|DRDO NAG Missile|
A war scenario in which miniaturised missiles equipped with Precision-Guided Munitions (PGMs) are unleashed from a mother missile to take out select enemy targets like an ammunition depot while avoiding collateral damage.
A mother missile acts as a “force multiplier” and to achieve the desired result, each miniaturised missile will have a seeker to ensure its independent motion, irrespective of the mother missile's motion.
Seekers, which are of two types — radio-frequency and infra-red, enable a missile to acquire, track and home in on to the target. They are required for all tactical missiles (less than 300 km range).
Scientists at the Research Centre Imarat (RCI), a key laboratory of Defence Research and Development Organisation's (DRDO) missile complex here, have embarked on developing such seekers to eventually equip mother missiles with smaller missiles packed with PGMs.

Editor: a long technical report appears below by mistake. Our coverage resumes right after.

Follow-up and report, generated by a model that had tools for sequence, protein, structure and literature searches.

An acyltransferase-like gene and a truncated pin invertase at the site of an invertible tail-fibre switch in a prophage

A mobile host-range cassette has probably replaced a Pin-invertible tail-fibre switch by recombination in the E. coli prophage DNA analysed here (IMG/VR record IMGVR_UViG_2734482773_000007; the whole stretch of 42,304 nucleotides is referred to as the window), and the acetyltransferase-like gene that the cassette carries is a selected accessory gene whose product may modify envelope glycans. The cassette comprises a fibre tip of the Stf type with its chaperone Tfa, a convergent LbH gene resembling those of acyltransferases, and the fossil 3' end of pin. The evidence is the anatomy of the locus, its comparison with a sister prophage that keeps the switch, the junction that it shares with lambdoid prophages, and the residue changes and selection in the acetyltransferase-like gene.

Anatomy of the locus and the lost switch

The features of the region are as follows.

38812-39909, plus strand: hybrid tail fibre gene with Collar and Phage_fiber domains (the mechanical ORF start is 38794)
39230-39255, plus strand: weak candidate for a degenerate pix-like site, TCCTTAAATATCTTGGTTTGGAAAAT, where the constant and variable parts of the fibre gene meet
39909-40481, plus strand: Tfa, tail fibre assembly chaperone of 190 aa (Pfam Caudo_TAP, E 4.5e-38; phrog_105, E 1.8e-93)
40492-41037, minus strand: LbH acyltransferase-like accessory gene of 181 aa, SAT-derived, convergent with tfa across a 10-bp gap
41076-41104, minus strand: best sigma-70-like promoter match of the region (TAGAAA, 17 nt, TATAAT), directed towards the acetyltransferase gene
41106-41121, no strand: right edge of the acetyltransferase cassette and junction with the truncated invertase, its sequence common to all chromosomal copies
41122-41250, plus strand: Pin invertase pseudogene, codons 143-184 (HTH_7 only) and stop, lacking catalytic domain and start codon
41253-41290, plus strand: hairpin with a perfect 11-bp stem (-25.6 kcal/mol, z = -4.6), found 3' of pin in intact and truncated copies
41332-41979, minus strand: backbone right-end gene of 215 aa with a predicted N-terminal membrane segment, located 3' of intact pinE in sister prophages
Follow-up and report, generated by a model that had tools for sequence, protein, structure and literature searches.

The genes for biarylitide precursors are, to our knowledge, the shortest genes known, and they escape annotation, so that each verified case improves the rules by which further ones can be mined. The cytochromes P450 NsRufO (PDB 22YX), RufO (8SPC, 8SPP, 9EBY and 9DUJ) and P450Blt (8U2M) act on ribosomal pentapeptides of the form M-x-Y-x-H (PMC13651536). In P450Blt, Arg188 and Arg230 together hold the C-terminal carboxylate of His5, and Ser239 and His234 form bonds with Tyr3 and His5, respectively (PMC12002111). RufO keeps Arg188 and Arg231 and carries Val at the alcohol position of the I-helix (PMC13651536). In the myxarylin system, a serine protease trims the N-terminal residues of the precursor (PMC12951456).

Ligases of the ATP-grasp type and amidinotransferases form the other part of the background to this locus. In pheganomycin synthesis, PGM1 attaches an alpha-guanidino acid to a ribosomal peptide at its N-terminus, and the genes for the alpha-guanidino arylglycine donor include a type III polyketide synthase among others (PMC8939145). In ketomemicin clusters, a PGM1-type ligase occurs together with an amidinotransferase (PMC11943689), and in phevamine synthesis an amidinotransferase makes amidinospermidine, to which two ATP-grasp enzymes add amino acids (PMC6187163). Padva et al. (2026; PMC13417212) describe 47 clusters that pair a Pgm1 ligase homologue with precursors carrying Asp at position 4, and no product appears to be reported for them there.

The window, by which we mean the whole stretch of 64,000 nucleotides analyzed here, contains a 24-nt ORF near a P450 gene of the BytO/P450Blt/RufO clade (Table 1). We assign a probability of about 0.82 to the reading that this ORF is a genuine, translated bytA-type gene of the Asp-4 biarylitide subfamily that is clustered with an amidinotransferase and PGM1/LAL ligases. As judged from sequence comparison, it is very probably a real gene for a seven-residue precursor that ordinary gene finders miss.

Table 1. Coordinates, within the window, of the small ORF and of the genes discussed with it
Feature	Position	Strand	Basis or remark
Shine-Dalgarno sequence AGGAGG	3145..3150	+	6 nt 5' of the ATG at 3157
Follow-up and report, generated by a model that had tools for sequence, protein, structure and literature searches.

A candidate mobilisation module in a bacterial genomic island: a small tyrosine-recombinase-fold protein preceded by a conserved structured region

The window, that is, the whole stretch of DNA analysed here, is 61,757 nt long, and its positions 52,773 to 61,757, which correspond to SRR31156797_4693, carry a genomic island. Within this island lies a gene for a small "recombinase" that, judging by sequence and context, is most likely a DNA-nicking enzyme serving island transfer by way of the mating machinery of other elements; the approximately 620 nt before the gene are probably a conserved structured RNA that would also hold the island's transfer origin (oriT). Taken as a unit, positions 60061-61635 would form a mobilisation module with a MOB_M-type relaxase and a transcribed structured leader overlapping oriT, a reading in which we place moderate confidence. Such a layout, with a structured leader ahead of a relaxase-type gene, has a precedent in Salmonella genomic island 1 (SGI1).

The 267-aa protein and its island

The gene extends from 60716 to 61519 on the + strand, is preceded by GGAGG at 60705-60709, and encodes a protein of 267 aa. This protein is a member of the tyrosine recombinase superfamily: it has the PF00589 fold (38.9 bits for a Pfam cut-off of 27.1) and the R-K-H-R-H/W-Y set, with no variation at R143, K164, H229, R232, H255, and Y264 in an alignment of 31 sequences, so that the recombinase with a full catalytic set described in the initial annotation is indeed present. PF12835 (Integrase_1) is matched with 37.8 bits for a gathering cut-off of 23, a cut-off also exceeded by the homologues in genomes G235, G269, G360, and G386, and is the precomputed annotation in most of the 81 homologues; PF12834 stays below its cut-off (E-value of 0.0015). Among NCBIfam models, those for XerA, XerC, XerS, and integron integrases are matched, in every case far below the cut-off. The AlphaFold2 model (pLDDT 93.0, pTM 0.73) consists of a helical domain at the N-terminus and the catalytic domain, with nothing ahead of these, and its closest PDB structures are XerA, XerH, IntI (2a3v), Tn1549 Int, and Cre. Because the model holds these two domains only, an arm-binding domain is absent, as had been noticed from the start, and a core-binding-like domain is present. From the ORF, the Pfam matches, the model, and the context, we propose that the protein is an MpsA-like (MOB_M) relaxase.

The mandate of the RCI is to deliver avionic systems for all missiles, including anti-ballistic systems and anti-aircraft missiles.
In a bid to conduct trials without using the mother missile, a Remotely Piloted Vehicle (RPV) has been imported to be used as a Technology Demonstrator for the project. A flight trial was conducted at the Integrated Test Range using the RPV along with a recoverable tow body by providing the vehicle the same velocity of a mother missile.
Good results were obtained from that exercise, RCI Director S.K. Chaudhuri told on Sunday. More such trials would be carried out in stages to check the guidance, control and inertial navigation systems.
By the end of 2013, a crucial trial of the RPV with missile-launched PGMs to hit a target with both IIR (Imaging infrared) and mmW (millimteric Wave) seekers was being planned. Later, a flight test with a mother missile would be conducted, he said.
Another frontier technology area in which scientists have begun work is to design and develop ‘Low Probability of Intercept Radar Seeker' to equip anti-ship and anti-aircraft missiles.
This seeker will enable the missile to escape detection and jamming by enemy radars. Currently, Russia and the U.S. have such seekers, a senior scientist said.